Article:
Chicago Tribune Lies That the U.S. Has Highest Rate of Violent Crime in Industrialized World

by Feb 10, 2013Liberty & Economy6 comments

So what was that about the U.S. having the highest rate of violent crime in the industrialized world because of its lack of gun control laws?

Mainstream media outlets in the U.S. seem to have no qualms at all about making statements that are deceptive at best or outright lying in order to promote this gun-control agenda. I recently read an editorial in the Chicago Tribune from December, for example, that contained the following statement:

It has to focus on why the United States has the highest rate of gun ownership of any industrialized nation and the highest rate of violent crime.

That is a lie. First of all, according to FBI statistics, the violent crime rate in the U.S. has dropped by nearly half since the early ’90s. So let’s compare the rate in the U.S. to, say, Canada. In 2011 the violent crime rate in the U.S. was 386.3 per 100,000. In Canada that year, the violent crime rate was 866 per 100,000, more than double the U.S.‘sHow about 2010? A rate 404.5 in the U.S. compared to 903 in Canada. 2009? 431.9 in the U.S. to 922 in Canada. Get the picture? The Tribune nevertheless states:

It’s time to evaluate the experience of other nations such as Canada, which requires a firearms safety course, a license and a waiting period for any firearms purchase, and has a drastically lower rate of violent crime.

In the words of Paul Simon’s “The Boxer”, lie lie lie lie lie lie lie la la lie lie lie.

So let’s compare Australia, which also has strict gun control laws. In 2007 (the latest year I found statistics on), there were 215,208 violent crimes (including homicides, assaults, sexual assaults, robberies, and kidnappings), so with a population of 21,181,000, that’s a violent crime rate of 1,016 per 100,000 — well over twice the rate of violent crime in the U.S. that year, at 471.8. And comparing other years produces similar results.

How about in Britain, where there are also very strict gun control laws? In 2011, in England and Wales, there were 762,515 incidents of violent crime, so with a population of 56,100,000, that’s a rate of 1,359. That’s about three and a half times the rate of violent crime in the U.S.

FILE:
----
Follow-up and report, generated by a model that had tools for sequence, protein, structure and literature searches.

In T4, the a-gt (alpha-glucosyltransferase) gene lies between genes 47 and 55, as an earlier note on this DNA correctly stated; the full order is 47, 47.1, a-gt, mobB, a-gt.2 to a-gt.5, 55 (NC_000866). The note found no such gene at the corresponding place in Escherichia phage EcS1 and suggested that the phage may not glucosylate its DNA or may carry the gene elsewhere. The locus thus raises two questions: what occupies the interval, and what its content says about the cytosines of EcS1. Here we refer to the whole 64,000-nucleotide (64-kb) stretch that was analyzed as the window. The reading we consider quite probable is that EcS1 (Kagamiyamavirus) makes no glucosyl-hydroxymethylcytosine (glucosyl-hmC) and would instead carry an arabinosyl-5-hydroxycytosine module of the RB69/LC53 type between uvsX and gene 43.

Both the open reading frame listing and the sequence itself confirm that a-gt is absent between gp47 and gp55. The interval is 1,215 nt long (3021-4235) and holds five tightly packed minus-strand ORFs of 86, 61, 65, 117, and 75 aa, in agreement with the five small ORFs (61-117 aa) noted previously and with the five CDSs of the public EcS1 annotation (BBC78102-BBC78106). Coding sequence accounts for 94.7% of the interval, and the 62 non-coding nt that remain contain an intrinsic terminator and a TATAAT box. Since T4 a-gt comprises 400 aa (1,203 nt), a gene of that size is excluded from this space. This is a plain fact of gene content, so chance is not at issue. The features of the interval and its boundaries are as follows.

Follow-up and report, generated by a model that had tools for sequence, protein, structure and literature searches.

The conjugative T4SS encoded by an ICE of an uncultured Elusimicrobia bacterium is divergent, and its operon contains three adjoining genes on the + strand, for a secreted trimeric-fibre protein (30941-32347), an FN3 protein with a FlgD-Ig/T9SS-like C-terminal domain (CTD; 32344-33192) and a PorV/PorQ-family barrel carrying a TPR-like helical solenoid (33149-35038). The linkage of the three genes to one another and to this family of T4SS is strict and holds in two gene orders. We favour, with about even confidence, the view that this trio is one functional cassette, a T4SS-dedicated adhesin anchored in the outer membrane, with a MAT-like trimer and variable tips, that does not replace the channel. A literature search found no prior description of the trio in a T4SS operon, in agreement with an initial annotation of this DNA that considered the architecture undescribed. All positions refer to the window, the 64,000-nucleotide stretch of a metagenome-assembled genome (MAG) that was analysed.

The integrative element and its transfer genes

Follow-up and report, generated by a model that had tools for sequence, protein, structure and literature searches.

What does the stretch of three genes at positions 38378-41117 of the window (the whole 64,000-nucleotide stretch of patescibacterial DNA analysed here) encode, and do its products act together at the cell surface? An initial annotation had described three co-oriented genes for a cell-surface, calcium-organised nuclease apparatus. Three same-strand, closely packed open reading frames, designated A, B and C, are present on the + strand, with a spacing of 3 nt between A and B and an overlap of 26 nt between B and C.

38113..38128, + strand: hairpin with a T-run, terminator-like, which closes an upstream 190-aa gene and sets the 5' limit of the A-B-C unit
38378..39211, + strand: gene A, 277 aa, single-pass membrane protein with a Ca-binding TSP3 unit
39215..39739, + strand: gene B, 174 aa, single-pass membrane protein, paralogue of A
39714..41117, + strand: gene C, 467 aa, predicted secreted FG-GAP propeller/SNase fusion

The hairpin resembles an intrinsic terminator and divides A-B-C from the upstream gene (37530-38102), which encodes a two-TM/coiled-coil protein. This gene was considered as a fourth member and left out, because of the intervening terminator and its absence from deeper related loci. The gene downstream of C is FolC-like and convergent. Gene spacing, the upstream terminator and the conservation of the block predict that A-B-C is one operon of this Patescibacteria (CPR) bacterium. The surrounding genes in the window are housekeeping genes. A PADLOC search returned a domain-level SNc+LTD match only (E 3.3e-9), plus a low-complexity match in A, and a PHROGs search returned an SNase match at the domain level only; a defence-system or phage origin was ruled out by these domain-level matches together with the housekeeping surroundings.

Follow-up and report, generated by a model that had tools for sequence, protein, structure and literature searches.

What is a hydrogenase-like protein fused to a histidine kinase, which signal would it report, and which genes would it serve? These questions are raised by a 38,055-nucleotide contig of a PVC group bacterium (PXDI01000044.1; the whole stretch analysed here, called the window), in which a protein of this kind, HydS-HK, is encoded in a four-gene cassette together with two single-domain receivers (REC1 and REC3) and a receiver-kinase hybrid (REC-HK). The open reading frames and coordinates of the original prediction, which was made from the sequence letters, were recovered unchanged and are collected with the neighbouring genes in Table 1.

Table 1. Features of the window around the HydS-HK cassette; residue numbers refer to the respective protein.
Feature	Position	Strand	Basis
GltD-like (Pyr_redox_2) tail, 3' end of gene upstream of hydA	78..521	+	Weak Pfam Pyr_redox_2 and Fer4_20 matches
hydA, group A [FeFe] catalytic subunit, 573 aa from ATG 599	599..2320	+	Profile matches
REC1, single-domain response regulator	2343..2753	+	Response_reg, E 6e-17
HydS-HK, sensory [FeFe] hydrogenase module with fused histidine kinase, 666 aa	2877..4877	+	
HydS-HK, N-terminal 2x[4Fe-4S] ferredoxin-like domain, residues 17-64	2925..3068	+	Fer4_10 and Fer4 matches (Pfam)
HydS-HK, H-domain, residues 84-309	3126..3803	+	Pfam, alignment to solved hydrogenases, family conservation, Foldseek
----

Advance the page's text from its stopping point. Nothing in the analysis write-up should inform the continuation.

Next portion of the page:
So what was that about the U.S. having the highest rate of violent crime in the industrialized world because of its lack of gun control laws?

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About Jeremy R. Hammond

About Jeremy R. Hammond

I am an independent journalist, political analyst, publisher and editor of Foreign Policy Journal, book author, and writing coach.

My writings empower readers with the knowledge they need to see through state propaganda intended to manufacture their consent for criminal government policies.

By recognizing when we are being lied to and why, we can fight effectively for liberty, peace, and justice, in order to create a better world for ourselves, our children, and future generations of humanity.

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    • Jeremy R. Hammond

      That murder is worse than a punch in a bar fight is of little condolence to a woman who is raped because bureaucrats legislated away here right to defend herself, etc. The gun-control agenda is being pushed through fear of rifles like the AR-15, which Congress has dubbed an “assault rifle” even though it is not automatic but semi-automatic. Yet only about 2% of gun crimes are committed with “assault” weapons (including pistols). More people are murdered in the U.S. with blunt objects like baseball bats than with rifles. Nearly twice as many people are killed by fists and feet as by rifles. Nearly five times as many people are killed with knives or sharp objects as by rifles.

      Please also read this:

  1. Ron Siewert

    Please stop with the strawman bullshit.

      • Thiswebsiteisretarded

        You’re using numbers for ”crimes of violence” in canada VS Violent crimes in the US. You fail to realize that the two are not the same.
        Violent crime in the US includes murder and non-negligent manslaughter, forcible rape, robbery, and aggravated assault

        Whereas if you just ”beat someone up” in canada it’s considered a violent crime.

        Your whole premise is pretty retarded and what you wrote makes you look like a fool.

      • Jeremy R. Hammond

        I’m using numbers for, quote, “violent crimes”, unquote, in both countries. True, “violent crimes” may be defined differently in different countries; nevertheless, the statistics show that the violent crime rate is much higher in Canada. If you can present statistics suggesting otherwise or show that this is solely due to the difference in definitions, you are welcome to do so. If you can’t, that makes your premise pretty retarded and your comment make you look like a fool.

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